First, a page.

Samsung deserves much of the praise. It’s an impressive phone. Expect a review here in the next few days.
Where reviewers give stars, the Galaxy Note 7 either gets five or 4.5. When they give a percent the scores are often north of 90 percent.
Many of the words reviewers use to describe the phone are glowing. One phrase that pops up a lot, is best ever. Some call it the best ever Android phone. Others are more general. You might also see best phone period.
Which means reviewers like it. But best ever?
On one level the phrase is meaningless.
Few Apple product launches pass without an executive saying a product is the best ever.
Of course an iPad launched in 2016 is the best ever iPad. Apple would be in a sorry state if this year’s model was worse than last year’s.
It’s not just Apple that talks about products this way. Everyone talks up their business. We’ve become immune to inflated marketing language.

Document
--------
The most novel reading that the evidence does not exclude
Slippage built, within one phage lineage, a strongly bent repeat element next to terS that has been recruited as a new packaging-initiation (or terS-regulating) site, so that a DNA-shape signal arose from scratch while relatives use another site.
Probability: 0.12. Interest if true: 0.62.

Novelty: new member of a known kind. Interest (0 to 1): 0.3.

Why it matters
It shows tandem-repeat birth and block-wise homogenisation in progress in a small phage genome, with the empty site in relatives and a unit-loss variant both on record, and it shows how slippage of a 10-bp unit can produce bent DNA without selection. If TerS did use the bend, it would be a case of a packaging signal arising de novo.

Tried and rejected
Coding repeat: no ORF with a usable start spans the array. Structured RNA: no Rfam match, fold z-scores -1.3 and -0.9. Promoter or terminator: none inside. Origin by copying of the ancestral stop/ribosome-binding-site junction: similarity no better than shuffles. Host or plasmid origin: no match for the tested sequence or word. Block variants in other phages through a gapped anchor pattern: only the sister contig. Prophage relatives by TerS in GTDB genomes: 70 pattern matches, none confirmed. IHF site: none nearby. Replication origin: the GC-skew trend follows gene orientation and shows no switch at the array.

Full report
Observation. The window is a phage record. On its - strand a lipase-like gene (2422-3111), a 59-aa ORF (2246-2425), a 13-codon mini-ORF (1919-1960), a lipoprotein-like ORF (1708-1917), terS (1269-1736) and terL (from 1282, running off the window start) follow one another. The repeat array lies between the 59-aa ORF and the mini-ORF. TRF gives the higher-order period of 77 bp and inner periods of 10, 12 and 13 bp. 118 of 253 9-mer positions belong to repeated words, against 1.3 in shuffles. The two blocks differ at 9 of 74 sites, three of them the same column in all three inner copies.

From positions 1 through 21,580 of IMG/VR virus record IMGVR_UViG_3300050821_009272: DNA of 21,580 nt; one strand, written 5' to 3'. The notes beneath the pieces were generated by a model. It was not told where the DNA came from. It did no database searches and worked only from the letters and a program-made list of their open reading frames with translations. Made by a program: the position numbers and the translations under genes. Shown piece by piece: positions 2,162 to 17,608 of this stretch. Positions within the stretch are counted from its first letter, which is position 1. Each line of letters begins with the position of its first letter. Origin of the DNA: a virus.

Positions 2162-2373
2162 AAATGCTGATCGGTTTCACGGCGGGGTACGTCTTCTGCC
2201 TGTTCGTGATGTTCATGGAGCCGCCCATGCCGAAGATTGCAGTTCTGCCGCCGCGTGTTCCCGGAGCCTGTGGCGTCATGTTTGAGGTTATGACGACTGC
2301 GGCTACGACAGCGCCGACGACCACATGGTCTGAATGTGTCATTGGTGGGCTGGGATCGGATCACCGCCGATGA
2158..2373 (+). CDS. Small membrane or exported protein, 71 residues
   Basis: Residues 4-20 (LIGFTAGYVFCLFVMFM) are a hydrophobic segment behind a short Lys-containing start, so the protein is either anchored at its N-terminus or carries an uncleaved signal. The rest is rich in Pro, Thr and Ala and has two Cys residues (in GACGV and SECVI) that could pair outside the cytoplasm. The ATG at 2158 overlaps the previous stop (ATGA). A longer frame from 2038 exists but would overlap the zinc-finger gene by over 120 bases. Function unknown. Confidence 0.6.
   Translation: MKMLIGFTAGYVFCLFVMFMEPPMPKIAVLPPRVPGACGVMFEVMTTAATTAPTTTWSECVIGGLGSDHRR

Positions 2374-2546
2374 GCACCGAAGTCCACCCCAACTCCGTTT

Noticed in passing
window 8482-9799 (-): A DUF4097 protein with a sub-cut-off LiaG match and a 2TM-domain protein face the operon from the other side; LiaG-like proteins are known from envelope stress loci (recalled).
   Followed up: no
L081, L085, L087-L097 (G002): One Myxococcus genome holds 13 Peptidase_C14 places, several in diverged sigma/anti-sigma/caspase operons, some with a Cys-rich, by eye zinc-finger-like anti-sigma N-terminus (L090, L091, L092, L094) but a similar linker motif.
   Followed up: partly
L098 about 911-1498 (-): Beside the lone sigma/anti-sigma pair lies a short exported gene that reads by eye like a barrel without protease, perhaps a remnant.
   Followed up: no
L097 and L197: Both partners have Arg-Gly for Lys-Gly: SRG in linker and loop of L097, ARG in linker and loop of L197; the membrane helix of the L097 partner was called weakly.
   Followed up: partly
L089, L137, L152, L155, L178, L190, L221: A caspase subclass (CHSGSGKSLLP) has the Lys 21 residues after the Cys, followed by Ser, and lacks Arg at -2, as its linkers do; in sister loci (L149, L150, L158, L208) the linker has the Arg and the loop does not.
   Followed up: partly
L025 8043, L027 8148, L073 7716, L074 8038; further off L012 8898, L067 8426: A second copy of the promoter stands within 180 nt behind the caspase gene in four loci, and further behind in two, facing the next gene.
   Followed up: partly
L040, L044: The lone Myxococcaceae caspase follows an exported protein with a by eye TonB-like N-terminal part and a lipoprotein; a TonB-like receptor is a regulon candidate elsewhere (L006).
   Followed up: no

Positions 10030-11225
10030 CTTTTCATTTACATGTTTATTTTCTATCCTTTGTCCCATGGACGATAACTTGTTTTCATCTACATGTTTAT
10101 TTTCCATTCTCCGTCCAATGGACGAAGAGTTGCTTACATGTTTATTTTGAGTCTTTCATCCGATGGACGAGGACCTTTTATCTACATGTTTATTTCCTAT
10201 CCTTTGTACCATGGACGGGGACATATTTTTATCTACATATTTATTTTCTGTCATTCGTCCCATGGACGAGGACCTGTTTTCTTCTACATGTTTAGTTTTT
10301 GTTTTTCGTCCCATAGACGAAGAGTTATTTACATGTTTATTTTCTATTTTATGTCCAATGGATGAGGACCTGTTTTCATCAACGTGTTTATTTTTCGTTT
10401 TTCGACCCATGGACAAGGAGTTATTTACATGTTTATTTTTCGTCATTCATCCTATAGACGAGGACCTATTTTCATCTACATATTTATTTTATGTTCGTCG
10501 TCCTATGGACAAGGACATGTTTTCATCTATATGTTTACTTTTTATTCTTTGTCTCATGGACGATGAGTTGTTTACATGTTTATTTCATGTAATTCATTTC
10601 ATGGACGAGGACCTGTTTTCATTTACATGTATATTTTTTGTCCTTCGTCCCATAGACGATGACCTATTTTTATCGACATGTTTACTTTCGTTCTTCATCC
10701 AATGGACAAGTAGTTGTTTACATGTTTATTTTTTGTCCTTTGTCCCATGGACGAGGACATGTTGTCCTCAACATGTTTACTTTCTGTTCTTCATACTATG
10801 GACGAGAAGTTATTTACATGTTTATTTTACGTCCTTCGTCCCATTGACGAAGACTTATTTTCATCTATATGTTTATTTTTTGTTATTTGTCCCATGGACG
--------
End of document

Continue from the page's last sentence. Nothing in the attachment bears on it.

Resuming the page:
Yet reviewers should be dispassionate observers. At least the ones working for respectable publications are.
When they say a phone is the best ever, they are passing an objective judgement. The implication is that they have seen lots of phones and of all they have seen to date, the one in question is the best.
Which it might well be.
That Apple logic applies to reviews. Most of the time this year’s phones are better than last year’s phones.
When they are not, that happens sometimes, it’s a big story.
Looked at that way, saying best ever is the same as saying new or improved.
A platform is something that can be built upon. In the case of Windows, the operating system had (has) an API that allowed 3rd-party programs to run on it. The primary benefit that this provided to Microsoft was a powerful two-sided network: developers built on Windows, which attracted users (primarily businesses) to the platform, which in turn drew still more developers. Over time this network effect resulted in a powerful lock-in: both developers and users were invested in the various programs that ran their businesses, which meant Microsoft could effectively charge rent on every computer sold in the world.